Where Learning and Fun, Go Hand in Hand!

Tuesday, March 8, 2011

Puzzle Center

This is my puzzle center!  Both pieces of furniture I attained free of charge from Scholastic Books for ordering so many books for my childcare and earning the bonus points.  I have various puzzles for all different capabilities.  There is a shape, color, counting puzzle, some transportation puzzle toys, feeling-color bears puzzle, 3-piece animal puzzles, magnetic puzzle people, maze puzzlers, cardboard puzzles, and many different wooden puzzles.  There are also magnetic maze puzzles from Lakeshore on this stand, sensory puzzles, and self-help skills puzzles.  I often rotate the puzzles and disinfect them often.  On each shelf under the puzzles are laminated pictures with names to show what goes in each location. 

If anyone has any suggestions of puzzles or resources that I should incorporate in this learning center......please share!  I would love to hear from you =-}

Susan =-}

PS...This center is a stand-alone center.  I have additional science puzzles in that center, musical puzzles in the music center and extra puzzles where we have table toys.  We LOVE puzzles!


  1. So, what do we learn from the Puzzle Center? When children play with the puzzles they work on their social/emotional development by cooperating with one another, sharing the pieces, the puzzles and building designs with their pieces. They develop self-confidence by completing a puzzle successfully since they are such great self-correcting toys.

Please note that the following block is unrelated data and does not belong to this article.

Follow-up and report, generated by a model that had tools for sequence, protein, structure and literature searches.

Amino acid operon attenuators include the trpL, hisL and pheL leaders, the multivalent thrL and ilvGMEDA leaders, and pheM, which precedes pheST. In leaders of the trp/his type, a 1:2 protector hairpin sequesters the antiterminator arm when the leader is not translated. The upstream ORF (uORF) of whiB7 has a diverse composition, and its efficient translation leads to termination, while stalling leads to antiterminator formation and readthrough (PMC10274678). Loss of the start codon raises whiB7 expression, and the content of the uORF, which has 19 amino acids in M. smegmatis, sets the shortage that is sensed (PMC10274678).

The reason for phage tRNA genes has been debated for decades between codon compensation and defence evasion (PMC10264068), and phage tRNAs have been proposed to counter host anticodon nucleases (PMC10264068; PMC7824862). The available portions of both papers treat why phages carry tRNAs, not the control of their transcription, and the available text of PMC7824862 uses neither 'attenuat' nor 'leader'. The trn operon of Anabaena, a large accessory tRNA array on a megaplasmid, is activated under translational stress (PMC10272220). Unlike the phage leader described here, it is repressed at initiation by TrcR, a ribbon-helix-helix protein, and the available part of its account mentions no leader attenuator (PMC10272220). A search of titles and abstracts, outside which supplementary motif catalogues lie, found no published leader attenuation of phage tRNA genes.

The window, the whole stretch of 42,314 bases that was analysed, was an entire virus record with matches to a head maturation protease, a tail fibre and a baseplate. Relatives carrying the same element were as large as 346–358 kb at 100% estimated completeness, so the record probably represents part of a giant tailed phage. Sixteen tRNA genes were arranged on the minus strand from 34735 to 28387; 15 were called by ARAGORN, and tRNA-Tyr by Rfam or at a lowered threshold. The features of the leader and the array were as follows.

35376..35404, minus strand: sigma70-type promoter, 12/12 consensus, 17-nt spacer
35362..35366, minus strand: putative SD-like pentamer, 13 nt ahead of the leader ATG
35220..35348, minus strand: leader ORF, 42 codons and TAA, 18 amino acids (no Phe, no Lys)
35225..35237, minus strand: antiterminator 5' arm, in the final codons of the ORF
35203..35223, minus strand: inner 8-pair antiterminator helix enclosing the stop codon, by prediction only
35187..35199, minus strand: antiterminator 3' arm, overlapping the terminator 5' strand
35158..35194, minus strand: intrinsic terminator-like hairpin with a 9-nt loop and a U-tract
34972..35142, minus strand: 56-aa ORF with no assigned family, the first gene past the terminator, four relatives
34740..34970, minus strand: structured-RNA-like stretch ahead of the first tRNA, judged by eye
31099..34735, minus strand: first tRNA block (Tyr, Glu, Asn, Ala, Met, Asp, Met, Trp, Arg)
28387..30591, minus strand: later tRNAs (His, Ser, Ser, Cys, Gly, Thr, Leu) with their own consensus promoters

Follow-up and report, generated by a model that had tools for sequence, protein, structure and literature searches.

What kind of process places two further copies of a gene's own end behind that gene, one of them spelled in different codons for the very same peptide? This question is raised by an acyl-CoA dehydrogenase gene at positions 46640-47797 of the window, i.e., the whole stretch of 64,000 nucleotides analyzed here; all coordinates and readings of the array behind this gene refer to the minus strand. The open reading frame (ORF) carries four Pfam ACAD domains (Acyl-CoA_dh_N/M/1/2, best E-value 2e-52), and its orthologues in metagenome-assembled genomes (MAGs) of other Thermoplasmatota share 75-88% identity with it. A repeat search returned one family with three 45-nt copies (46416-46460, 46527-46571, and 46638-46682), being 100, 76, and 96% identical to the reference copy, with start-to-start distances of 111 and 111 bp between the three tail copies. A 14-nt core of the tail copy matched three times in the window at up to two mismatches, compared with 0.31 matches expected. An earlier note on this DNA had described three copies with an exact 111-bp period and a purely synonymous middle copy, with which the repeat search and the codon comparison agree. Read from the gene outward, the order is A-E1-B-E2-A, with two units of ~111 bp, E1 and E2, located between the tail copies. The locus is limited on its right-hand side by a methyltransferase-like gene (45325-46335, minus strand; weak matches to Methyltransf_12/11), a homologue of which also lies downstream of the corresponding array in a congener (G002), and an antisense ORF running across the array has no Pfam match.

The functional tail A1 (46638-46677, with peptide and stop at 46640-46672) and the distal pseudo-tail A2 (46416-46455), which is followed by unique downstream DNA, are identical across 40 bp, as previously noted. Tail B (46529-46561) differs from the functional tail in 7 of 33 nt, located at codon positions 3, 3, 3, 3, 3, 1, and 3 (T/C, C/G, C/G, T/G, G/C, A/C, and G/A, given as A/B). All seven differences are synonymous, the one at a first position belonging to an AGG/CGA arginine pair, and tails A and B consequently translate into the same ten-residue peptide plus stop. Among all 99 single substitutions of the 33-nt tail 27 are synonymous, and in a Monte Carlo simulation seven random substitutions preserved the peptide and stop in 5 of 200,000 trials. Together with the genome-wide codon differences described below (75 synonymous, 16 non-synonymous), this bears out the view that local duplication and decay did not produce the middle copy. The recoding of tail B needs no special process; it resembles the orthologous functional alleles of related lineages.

Children develop physically by practicing eye-hand coordination and refining their small muscle skills.

    Cognitively children develop skills in problem-solving, matching, counting, color recognition, seriation, patterning and classifying.

    Children work on language development with the puzzle center by using words to describe how they are putting their puzzles together. They may compare size, color and shapes while they put the puzzles together, work on visual discrimination, reading skills left-to-right progression, and matching similar objects.

  2. How puzzles can align with the Developmental Continuum for Creative Curriculum:

    Responsibility for Self and Others:
    #5. Demonstrates self-direction and independence
    #7. Respects and cares for classroom environment and materials

    Prosocial Behavior:
    #10. Plays well with others

    Fine Motor:
    #19. Controls small muscles in hands
    #20. Coordinates eye-hand movement

    Cognitive Development:
    #24. Shows persistence in approaching tasks
    #25. Explores cause and effect

    Logical Thinking:
    #27. Classifies objects
    #28. Compares/measures
    #29. Arrange objects in a series
    #30. Recognizes patterns and can repeat them
    #31. Shows awareness of time concepts and sequence
    #32. Shows awareness of position and space
    #33. Uses one-to-one correspondence
    #34. Uses numbers and counting

    Language Development:
    #41. Answers questions
    #42. Asks questions

    Reading and Writing:
    #45 Demonstrates understanding of print concepts
    #46. Demonstrates knowledge of the alphabet.

    By choosing a wide range of developmentally appropriate puzzles there is so much children can learn from this center and a knowledgable, caring teacher.